Revisiting the Trades of the Last Few Years Part 1
When a team trades established major league players for prospects, a practice the Pittsburgh Pirates are very familiar with, they run in to a difficult situation with their fan base. They are trading away established players who will go and immediately provide production for their new team. Meanwhile, the team gets unestablished prospects in return, with no guarantees that those prospects realize their potential.
The fact that the other team is getting immediate results leads to the idea that the trade was a bust, without actually giving any time for the prospects in return to develop. Because it can take a few years for a the prospects in a return to develop, you usually see a few years of complaining about a deal before the actual return starts to materialize. In some cases, the original perception never changes, even though the trade value obviously has changed. That’s in part due to stubbornness, and in part to unrealistic expectations about how soon a trade for prospects should pay off.
In the Pirates case, they blew up their team in 2008 and 2009, trading almost everyone away. That led to a horrible record in 2010, and a ton of prospects and unestablished players making their way to the majors over the last few years. It’s become popular to say that Neal Huntington can’t be trusted with trades. In fact, with all of the talk of possibly trading Joel Hanrahan and Paul Maholm, the “Huntington can’t get a good return” argument has been brought up a lot lately.
That’s an interesting stance, because the overall topic was “should the Pirates be buyers, sellers, or both”. That topic exists because the Pirates are currently in contention in the NL Central, with a 45-42 record, and a team made up of mostly Huntington acquisitions. The heart of the team, the rotation, is made up of 80% Huntington acquisitions. The bullpen, another strong point, has five of seven Huntington acquisitions, including top closer Joel Hanrahan. Granted, the best player on the offense, Andrew McCutchen, wasn’t acquired by Huntington. But can you really hold it against Huntington that the Pirates had a guy like McCutchen in the system when he got here, and he decided to make McCutchen the starting center fielder?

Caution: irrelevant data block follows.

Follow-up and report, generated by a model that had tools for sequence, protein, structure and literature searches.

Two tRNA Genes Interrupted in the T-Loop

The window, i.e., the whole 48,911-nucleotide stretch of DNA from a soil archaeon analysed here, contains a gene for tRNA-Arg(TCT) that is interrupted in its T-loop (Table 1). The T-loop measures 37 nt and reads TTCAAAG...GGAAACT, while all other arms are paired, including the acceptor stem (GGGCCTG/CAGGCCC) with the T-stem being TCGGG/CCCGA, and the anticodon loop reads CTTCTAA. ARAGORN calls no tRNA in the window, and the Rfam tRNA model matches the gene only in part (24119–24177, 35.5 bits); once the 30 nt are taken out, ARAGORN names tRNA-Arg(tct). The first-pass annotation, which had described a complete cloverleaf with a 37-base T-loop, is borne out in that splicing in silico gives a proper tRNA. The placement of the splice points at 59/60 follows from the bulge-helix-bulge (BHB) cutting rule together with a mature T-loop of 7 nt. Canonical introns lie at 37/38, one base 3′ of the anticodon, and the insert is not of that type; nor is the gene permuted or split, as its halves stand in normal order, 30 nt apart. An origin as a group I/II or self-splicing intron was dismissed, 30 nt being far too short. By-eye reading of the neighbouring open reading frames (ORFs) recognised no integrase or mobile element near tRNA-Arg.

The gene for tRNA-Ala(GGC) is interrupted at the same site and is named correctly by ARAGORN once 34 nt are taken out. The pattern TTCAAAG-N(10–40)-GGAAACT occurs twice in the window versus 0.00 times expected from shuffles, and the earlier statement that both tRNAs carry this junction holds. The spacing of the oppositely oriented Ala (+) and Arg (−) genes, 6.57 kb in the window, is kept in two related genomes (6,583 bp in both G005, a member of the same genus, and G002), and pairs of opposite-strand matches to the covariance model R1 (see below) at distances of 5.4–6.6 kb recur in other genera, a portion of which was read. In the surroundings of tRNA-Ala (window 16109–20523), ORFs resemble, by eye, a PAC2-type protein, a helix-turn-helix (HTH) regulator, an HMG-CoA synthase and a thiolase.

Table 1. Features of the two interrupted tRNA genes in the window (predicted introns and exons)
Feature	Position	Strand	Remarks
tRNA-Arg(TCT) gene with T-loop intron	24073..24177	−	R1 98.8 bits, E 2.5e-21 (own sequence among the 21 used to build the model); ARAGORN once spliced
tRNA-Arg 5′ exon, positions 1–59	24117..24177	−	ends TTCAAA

It seems popular to think that people take one of two stances: either all trades were good, or all trades were bad. The reality is that there’s probably no one who thinks this. Instead, there seems to be two perceptions. One perception suggests that Huntington is bad at trading, and the Xavier Nady trade was the exception. The other perception is that Huntington has a good track record, and the Jason Bay trade is the exception. I personally find it hard to believe that Huntington is so horrible at trades now that we’re talking about a contending team led by a pitching staff that is made up mostly of players acquired via trade. So I feel it’s time to re-evaluate the trades that have been made over the last three years.
Jason Bay/Xavier Nady
The Trade: I’m grouping these together because they seem to go hand in hand. In July 2008, Bay and Nady were leading a very productive offense. At the same time, the Pirates had a horrible pitching staff, no pitching depth in the system, and weren’t contenders by any means. They traded Nady and Damaso Marte to the New York Yankees, getting Jose Tabata, Ross Ohlendorf, Jeff Karstens, and Daniel McCutchen. A week later, they dealt Bay to Boston in a three team deal, getting Andy LaRoche and Bryan Morris from the Dodgers, and Brandon Moss and Craig Hansen from the Red Sox.
Initial Reaction: It’s hard to think of it this way now, but the initial reaction was that the Pirates got good value from the Bay trade, and bad value for Nady and Marte.